Loneliness, Seclusion, and Self Care

Kimberley Clemonts

My journey to self-love has taken me down a path of self-induced seclusion bringing me face to face with loneliness and the concept of being alone. Self Induced seclusion can be a form of self-care. It is, at times, necessary to remove yourself from all other energies to come to know, understand, and love your own unique vibration. It took me secluding myself to realize that a lot of the anxiety and stress I was feeling was not actually my own but that of the environment and people I had placed myself around. Secluding myself also forced me to face the darkest parts of myself and start down the path to loving them unconditionally.

Now there's more than meets the eye when I say “self-induced.” A while back, closer to the beginning of the conscious portion of my journey I identified my biggest fear as being alone. And one thing I have learned about life is that it will force you to face your fears either by choice or by circumstance. Because I had not yet realized that life flows much easier when I CHOOSE to face my fears, circumstance took over. I found myself alone.

Now when I say alone, I do not mean in a physical sense. I mean the type of alone where you have a phone full of contacts but no one to call. The type of alone where you feel like no one understands you. The type of alone that convinces you that no one cares about your problems or has time to listen. Alone as in embodying loneliness.

I’ve had an on and off again relationship with loneliness for the past few years. Most of the times we came together by circumstance, but our most recent fling has been by choice. You see, after identifying being alone as my biggest fear I kind of forgot that I had done that. And not only had I identified that fear, I had WRITTEN IT DOWN, aka signed sealed and delivered my own fate. After coming across this old writing my past experiences made so much more sense. But I still had not completed the lesson.

So this time I have decided to take control and choose to be alone; and here's what I have learned.

Even when our physical bodies are “alone” WE ARE NEVER REALLY ALONE.In looking up the meaning of alone I came across this definition: “Wholly Oneself.”  It is my belief that whatever your definition of “God” is, that divine being is present in any and all things, including us. It is the presence of the divine in each of us that keeps us from ever being alone. We are each whole beings because we carry God within us. So how can we be alone when God is always with us?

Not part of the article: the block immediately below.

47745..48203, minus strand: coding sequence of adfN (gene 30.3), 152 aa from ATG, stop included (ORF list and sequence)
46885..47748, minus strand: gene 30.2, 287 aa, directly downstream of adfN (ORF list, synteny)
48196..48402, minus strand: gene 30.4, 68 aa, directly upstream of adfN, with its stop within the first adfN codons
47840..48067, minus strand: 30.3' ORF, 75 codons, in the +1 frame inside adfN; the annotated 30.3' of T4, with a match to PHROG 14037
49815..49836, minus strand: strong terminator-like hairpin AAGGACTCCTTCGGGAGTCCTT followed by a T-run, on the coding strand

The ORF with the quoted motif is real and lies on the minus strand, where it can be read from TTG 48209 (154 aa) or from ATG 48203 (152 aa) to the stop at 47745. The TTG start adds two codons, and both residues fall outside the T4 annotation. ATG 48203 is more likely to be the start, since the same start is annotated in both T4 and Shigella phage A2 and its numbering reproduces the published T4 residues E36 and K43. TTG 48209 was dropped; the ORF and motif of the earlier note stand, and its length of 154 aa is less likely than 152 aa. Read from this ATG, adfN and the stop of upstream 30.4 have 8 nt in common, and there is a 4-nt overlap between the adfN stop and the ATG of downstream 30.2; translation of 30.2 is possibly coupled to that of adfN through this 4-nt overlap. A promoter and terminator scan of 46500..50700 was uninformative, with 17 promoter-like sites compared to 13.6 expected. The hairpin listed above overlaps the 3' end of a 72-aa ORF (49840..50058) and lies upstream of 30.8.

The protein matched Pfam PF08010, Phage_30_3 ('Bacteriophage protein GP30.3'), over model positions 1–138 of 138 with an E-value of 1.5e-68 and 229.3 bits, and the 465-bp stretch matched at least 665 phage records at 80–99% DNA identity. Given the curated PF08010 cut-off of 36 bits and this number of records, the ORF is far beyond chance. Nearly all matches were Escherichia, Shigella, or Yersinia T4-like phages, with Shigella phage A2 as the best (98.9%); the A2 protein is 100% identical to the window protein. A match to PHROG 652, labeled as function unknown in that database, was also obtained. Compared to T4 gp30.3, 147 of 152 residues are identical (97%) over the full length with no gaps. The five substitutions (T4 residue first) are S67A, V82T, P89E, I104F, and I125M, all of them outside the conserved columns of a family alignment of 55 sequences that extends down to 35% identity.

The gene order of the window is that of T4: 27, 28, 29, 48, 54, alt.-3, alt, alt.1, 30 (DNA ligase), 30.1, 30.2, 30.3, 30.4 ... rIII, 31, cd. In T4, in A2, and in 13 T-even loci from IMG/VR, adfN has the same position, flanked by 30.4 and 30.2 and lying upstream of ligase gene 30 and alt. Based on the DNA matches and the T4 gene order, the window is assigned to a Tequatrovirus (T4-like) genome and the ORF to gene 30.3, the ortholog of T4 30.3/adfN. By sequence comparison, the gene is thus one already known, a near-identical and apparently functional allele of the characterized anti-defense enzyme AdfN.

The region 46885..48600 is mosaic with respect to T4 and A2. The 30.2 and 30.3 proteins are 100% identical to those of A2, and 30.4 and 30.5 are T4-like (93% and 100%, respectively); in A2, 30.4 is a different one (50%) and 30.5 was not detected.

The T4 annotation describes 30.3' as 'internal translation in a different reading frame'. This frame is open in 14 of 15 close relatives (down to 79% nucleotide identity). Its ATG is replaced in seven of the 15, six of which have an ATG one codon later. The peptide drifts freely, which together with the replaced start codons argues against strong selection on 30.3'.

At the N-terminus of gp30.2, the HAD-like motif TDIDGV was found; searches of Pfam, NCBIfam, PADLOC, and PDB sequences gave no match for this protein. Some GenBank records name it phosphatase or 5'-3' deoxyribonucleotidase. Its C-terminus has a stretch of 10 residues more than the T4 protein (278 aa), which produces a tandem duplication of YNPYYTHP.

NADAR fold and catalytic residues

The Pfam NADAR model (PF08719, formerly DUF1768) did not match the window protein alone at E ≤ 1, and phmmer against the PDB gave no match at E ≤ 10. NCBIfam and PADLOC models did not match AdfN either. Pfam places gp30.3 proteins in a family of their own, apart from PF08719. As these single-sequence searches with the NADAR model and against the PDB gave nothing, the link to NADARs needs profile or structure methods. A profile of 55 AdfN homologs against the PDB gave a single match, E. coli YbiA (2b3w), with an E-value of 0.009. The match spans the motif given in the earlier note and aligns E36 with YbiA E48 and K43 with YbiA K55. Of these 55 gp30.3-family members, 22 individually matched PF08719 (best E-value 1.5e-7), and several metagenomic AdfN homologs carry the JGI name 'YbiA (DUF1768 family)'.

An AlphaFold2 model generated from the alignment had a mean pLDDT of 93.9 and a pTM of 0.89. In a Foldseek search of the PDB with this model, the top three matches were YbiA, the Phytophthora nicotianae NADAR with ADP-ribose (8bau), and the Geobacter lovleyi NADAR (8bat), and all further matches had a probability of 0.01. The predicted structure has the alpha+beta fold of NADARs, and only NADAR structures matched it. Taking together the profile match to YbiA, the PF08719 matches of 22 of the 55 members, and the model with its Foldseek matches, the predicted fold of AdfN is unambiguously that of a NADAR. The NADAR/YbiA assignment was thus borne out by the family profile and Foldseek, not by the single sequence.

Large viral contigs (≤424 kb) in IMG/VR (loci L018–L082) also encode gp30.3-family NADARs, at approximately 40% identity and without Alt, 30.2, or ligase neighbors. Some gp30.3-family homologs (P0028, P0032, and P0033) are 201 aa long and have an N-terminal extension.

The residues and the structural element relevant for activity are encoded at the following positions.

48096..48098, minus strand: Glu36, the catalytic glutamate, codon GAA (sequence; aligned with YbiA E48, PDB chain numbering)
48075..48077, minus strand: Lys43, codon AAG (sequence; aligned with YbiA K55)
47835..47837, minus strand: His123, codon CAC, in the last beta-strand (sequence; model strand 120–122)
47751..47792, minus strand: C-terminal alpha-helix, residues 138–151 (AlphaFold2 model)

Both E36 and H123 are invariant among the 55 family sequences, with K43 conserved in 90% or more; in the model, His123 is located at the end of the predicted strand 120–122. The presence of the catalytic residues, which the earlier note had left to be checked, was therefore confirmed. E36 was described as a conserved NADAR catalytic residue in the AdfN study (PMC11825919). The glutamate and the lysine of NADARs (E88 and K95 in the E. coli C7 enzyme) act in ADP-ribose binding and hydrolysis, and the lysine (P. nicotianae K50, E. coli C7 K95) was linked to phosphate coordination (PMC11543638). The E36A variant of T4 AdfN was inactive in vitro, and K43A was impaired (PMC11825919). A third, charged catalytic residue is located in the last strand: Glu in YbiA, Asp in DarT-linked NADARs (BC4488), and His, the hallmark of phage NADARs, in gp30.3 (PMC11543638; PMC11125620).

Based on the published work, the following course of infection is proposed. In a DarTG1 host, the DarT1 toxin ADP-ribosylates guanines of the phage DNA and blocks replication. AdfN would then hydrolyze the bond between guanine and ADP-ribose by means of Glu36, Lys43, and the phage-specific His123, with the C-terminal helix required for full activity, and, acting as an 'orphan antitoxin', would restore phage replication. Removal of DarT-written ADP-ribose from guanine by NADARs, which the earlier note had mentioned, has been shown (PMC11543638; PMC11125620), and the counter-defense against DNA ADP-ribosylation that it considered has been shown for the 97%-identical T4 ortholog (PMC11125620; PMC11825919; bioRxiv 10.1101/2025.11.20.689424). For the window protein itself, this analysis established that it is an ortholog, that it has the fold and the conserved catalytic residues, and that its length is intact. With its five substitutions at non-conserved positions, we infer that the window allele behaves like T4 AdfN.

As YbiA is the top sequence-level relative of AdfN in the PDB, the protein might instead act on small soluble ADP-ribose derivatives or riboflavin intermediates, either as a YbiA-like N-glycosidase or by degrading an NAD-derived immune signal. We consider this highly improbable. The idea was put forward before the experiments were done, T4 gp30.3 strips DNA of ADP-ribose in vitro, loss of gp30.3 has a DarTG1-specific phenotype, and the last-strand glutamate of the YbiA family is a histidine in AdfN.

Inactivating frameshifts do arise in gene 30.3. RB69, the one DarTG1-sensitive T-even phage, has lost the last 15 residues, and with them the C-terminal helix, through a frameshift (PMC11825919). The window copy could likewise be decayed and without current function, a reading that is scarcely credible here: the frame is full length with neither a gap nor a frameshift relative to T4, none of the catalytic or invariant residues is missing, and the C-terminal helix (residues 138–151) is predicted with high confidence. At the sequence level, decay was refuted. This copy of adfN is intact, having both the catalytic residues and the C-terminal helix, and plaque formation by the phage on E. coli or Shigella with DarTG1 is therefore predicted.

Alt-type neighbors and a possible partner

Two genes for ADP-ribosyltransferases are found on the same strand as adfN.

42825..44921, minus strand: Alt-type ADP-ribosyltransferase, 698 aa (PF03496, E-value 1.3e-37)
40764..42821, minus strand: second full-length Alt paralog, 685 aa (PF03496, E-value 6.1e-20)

WE ARE NOT DESIGNED TO BE ALONE. We literally cannot survive without each other. Yes, we could probably survive an individual lifespan without other humans. But without another person to procreate with, the human race would cease to exist. Our bonds with each other are what is fueling this entire human experience. We must perceive each other to truly exist. SO never feel guilty or ashamed about your need of others, it is an inherent feeling we all possess deeply connected to our survival instincts.

So, having learned these things it was necessary to refine my previous statement. It was not being alone that I feared, but the feeling of loneliness itself.  And this brings me to my next lesson. What is loneliness and why did it scare me so much?

Loneliness is a side effect of discontentment, not being alone. When I secluded myself I began to notice which of my relationships were one-sided and those who actually made an effort to be in my life. The feelings of loneliness seemed from my focus on those who weren’t playing active roles in my story who I wished were. As always desire leads to suffering. When I stopped focusing on who wasn’t there my eyes were opened to how many people were there. And the truth is, that that the whole time I was never really alone. I was always surrounded by family and friends who were always there when I NEEDED them to be. By turning my attention to those people and nurturing those relationships I learned the lesson that life is constantly teaching me. Love is present for me in every single moment and is consistently giving me what I need.

This lesson brought me face to face with a very difficult question. Why did I want so badly for people to be in my life who had no real desire to be there? And the answer was that I was using these people as distractions from myself. There were aspects of myself that I did not like and was avoiding dealing with. Anytime these pieces would begin to surface, I would seek out the company of another.

So now I ask you

Until you are able to find complete peace all on your own, how can know which of your relationships are genuine? Is the company you keep based on a genuine bond or is it just an attachment you have created to avoid facing the parts of yourself you have yet to love? Attachments based on fear is what leads us into unhealthy cycles that will only drain our energy in the long run. A prime example is people who stay in unhealthy relationships just for the sake of being in a relationship. Don’t worry I’m 300% guilty of this. So trust me when I say facing the loneliness, however icky it feels, is worth it to break these patterns.

Be present with yourself in those moments of loneliness. How does it feel in your body? What thoughts arise during those moments? What are they showing you about yourself that you have been avoiding? What patterns are they urging you to let go of? Embrace the loneliness! Embrace the pieces of yourself that you discover there with compassion so they may heal. Unconditional love for yourself resides on the other side. And when you are in the depths of loneliness and learning the lessons it has for you, take comfort in knowing that no matter what, you are never alone.



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